SYDNEY, Oct 29 (Reuters) - Australian billionaire James
Packer on Friday acknowledged "many oversights" running the
casino company he founded, Crown Resorts Ltd, and
failing the licence requirements for one of its resorts by
missing four years of board meetings.
Packer quit all corporate roles at the A$7 billion ($5.3
billion) company in 2018, but set its strategy as its executive
chairman and top shareholder for more than a decade. Once a
fixture of the Australian corporate landscape, his evidence at a
commission of inquiry was his first public appearance in a year.
Like similar inquiries into Crown's resorts in Sydney and
Melbourne, the hearing on Friday was about its handling of
money-laundering risks in West Coast city Perth, which generates
a quarter of its profit.
"Looking back, there are many oversights and things that
should have been done differently," said Packer, 54, via
Before the inquiries, no Crown directors had expertise
preventing money laundering, which was an oversight, he said.
"I did not believe at that point in time that Crown Perth
was engaged in money laundering," he added.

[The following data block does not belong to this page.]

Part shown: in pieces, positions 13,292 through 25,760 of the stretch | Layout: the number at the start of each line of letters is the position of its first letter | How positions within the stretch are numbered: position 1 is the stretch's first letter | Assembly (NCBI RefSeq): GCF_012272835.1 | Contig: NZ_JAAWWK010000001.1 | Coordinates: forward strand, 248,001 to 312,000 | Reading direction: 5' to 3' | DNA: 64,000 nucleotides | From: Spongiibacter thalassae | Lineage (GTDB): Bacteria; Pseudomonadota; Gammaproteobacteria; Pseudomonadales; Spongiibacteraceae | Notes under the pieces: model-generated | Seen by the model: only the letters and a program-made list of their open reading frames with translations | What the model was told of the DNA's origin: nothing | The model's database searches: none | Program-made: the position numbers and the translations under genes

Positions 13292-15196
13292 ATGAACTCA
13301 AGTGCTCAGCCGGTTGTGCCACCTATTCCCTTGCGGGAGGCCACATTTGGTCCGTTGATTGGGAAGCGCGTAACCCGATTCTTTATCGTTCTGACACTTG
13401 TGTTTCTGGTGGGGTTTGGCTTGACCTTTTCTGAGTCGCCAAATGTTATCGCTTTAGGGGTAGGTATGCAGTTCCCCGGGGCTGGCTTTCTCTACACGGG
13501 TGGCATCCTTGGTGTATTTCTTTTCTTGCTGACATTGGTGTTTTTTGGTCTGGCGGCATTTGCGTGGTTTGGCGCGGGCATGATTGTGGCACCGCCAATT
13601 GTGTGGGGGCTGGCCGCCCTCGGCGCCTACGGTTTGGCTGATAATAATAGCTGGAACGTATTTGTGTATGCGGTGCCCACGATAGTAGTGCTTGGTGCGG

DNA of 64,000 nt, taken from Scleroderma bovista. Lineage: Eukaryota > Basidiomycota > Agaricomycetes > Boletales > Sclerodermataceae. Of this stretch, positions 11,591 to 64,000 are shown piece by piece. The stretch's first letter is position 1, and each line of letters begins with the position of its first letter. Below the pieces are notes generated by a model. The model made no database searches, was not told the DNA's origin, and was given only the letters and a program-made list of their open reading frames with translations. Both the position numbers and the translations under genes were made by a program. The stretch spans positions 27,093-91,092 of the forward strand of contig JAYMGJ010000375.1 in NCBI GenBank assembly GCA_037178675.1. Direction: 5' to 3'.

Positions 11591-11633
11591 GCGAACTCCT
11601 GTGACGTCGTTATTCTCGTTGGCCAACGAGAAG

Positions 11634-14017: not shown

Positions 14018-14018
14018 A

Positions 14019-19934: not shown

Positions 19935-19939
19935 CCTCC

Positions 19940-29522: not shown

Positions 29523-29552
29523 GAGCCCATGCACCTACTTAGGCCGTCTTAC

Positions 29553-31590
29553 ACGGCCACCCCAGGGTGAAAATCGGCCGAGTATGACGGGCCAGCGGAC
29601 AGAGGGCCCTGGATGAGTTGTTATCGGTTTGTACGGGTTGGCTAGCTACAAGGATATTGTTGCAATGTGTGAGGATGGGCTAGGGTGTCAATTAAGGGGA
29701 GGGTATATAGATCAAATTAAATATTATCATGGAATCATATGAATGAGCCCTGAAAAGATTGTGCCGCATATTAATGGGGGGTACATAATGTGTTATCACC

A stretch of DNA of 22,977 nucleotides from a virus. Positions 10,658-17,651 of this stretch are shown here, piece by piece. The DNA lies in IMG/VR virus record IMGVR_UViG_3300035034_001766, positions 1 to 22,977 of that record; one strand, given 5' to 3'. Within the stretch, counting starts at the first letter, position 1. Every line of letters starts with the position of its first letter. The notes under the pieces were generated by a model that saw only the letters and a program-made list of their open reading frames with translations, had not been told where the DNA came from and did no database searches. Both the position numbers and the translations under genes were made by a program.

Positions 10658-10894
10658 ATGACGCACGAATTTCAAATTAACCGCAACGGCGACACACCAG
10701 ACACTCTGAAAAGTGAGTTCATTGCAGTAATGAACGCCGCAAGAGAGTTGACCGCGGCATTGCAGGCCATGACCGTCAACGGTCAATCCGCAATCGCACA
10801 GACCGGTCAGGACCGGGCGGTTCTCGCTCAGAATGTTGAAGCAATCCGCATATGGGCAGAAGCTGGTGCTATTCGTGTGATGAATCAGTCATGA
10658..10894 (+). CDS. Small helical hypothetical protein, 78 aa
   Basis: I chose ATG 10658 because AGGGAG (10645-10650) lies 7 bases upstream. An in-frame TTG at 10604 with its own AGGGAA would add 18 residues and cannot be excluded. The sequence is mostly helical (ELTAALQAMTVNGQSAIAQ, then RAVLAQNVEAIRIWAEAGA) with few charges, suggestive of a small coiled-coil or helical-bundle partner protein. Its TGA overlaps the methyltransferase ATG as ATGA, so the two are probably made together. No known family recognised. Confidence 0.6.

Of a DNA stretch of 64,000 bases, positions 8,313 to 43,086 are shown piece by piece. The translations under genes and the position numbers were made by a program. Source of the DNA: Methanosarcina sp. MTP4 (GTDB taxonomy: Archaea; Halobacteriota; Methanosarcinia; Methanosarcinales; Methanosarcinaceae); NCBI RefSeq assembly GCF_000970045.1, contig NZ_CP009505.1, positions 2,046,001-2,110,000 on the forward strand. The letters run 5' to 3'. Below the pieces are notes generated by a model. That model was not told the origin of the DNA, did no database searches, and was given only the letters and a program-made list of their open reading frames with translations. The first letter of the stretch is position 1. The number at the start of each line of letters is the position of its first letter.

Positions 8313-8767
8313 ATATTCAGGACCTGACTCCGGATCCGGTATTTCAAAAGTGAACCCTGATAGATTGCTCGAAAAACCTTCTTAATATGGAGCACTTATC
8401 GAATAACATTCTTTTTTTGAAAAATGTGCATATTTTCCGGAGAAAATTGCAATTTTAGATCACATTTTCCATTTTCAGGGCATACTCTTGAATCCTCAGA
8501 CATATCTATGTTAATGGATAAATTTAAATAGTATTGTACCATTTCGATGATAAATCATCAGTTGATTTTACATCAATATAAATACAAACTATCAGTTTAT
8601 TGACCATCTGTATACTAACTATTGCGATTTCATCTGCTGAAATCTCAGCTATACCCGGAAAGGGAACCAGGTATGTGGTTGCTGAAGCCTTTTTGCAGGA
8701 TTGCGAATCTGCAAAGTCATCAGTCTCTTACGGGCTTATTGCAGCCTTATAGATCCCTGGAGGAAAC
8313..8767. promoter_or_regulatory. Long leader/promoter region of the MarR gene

Packer, who still owns 37% of the company, said he left
Australia in 2013 and missed board meetings of Crown's Perth
casino from then until 2016, despite being the subsidiary's
chairman. He said he should have resigned or attended.
When the former judge running the inquiry suggested Packer's
non-attendance was inconsistent with Crown's licence
requirements, he said "I accept that".
The inquiries into Crown began after media reports accused
the company of turning a blind eye to organised crime and
disregarding the safety of 19 employees arrested in China in
2016 for violating that country's anti-gambling laws.
The Sydney inquiry, where Packer testified a year earlier,
ultimately froze Crown's gambling licence in Australia's biggest
city. Another probe resulted this week in a supervisor being
tasked with overseeing the company's flagship casino in
Packer has since withdrawn his associates from the Crown
board to prevent a perception of interference. The company has
also replaced its chairman, CEO and most directors and managers
in the past year.
He told the inquiry on Friday the company was once named
"employer of the year" by the Western Australia state
government, but "I think at some point the culture slipped".
Asked if he put that down to his absence, Packer replied,
($1 = 1.3268 Australian dollars)
(Reporting by Byron Kaye;
Editing by Shri Navaratnam and Stephen Coates)